9 Nearest neighbors Consider then a completely different approach in which we don t assume a model, a distribution, a likelihood, or anything about the problem: we just look at nearby points and base our prediction on the average of those points This approach is called the nearest-neighbor method, and is defined formally as ŷ(x) = 1 k x i N k (x) where N k (x) is the neighborhood of x defined by its k closest points in the sample y i, Patrick Breheny STA 621: Nonparametric Statistics 9/16

10 Nearest neighbor results Patrick Breheny STA 621: Nonparametric Statistics 10/16

11 Nearest neighbor remarks Nearest neighbor seems not to perform terribly well in setting 1, as its classification boundaries are unnecessarily complex and unstable On the other hand, the method seemed perhaps better than the linear model in setting 2, where a complex and curved boundary seems to fit the data better Furthermore, the choice of k plays a big role in the fit, and the optimal k might not be the same in settings 1 and 2 Patrick Breheny STA 621: Nonparametric Statistics 11/16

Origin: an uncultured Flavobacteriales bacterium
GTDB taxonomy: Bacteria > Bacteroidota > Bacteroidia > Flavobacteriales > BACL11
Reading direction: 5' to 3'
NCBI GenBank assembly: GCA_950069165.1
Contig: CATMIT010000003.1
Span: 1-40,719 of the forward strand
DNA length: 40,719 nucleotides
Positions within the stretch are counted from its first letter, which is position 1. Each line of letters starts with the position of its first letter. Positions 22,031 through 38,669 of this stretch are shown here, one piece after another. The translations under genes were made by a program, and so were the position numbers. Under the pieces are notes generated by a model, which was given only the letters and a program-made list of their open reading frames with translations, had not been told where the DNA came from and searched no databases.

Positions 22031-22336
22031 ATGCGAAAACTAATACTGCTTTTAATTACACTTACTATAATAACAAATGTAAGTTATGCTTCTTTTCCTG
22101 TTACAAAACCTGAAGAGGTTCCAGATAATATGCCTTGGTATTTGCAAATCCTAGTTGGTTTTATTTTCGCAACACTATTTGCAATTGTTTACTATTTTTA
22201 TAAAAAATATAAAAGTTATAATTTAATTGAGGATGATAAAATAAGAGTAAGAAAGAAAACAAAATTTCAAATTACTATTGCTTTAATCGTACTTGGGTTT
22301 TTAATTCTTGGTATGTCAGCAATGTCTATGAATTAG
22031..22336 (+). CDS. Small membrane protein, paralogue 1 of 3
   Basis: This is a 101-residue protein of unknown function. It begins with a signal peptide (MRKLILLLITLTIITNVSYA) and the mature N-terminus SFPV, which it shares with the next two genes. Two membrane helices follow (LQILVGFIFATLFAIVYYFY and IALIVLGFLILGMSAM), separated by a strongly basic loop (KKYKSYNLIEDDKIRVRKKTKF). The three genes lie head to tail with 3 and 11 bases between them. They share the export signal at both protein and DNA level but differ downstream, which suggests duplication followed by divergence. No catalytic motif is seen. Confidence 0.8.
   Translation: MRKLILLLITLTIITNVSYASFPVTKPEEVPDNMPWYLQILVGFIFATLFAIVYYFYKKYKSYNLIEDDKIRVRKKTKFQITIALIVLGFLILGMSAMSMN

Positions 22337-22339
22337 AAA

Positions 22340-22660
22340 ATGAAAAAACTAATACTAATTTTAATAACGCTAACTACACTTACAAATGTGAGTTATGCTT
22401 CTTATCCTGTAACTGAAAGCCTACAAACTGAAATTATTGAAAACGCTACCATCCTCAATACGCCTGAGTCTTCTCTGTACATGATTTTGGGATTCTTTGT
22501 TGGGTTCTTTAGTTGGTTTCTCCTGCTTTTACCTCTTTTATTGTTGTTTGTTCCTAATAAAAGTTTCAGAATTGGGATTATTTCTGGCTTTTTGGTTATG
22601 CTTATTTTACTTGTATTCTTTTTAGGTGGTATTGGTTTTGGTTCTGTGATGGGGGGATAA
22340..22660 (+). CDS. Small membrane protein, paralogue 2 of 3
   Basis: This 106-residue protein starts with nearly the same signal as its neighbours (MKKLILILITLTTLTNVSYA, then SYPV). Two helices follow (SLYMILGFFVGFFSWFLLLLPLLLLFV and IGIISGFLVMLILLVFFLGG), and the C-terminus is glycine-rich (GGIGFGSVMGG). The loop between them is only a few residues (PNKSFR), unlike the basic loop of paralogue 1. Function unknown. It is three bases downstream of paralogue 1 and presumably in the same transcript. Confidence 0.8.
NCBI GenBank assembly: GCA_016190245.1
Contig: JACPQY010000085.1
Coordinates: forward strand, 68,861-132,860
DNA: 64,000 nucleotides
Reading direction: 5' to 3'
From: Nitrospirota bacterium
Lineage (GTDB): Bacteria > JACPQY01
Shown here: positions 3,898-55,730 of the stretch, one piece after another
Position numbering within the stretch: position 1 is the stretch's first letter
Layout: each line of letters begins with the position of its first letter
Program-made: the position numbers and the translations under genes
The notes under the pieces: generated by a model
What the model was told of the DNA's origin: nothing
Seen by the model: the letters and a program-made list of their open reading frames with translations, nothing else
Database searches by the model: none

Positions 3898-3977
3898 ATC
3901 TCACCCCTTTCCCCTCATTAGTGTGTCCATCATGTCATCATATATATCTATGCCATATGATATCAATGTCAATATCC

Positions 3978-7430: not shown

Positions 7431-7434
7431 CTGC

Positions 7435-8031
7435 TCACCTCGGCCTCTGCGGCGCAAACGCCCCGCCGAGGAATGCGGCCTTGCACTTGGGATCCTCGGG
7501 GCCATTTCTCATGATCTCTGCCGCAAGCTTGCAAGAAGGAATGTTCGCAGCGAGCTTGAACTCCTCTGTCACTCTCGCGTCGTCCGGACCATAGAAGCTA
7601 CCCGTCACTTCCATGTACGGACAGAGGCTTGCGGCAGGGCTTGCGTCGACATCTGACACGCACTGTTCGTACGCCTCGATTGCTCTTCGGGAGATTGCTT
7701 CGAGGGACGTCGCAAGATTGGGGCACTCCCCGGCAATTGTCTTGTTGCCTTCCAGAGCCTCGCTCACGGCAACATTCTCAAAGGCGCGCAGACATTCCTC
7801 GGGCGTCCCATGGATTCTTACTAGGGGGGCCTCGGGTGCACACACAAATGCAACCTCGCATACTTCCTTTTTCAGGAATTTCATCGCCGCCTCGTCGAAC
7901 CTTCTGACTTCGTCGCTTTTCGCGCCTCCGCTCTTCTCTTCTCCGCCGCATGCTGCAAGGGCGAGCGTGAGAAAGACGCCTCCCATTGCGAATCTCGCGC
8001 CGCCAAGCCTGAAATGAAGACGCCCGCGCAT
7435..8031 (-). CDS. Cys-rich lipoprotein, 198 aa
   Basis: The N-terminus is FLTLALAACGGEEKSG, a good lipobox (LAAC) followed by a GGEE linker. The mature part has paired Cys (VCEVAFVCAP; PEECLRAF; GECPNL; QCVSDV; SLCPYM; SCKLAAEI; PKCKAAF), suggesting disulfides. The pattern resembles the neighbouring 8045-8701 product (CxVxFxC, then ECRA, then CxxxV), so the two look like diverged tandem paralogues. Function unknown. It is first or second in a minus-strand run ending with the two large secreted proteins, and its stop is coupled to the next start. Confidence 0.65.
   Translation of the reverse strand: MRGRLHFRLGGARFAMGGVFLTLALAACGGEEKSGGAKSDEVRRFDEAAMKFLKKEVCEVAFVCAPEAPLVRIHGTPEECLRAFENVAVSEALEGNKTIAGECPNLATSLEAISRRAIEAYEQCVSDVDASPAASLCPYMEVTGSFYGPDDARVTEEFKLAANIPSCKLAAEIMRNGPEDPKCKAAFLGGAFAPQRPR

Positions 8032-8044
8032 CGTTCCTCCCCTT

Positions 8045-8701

12 Inference Introduction Of course, it is potentially misleading to judge whether a method is better simply because it fits the sample better What matters, of course, is how well its predictions generalize to new samples Thus, consider generating 100 data sets of size 200, fitting each model, and then measuring how well each method does at predicting 10,000 new, independent observations Patrick Breheny STA 621: Nonparametric Statistics 12/16

13 Simulation results Black line = least squares; blue line = nearest neighbors Setting 1 Setting Misclassification Rate k Patrick Breheny STA 621: Nonparametric Statistics 13/16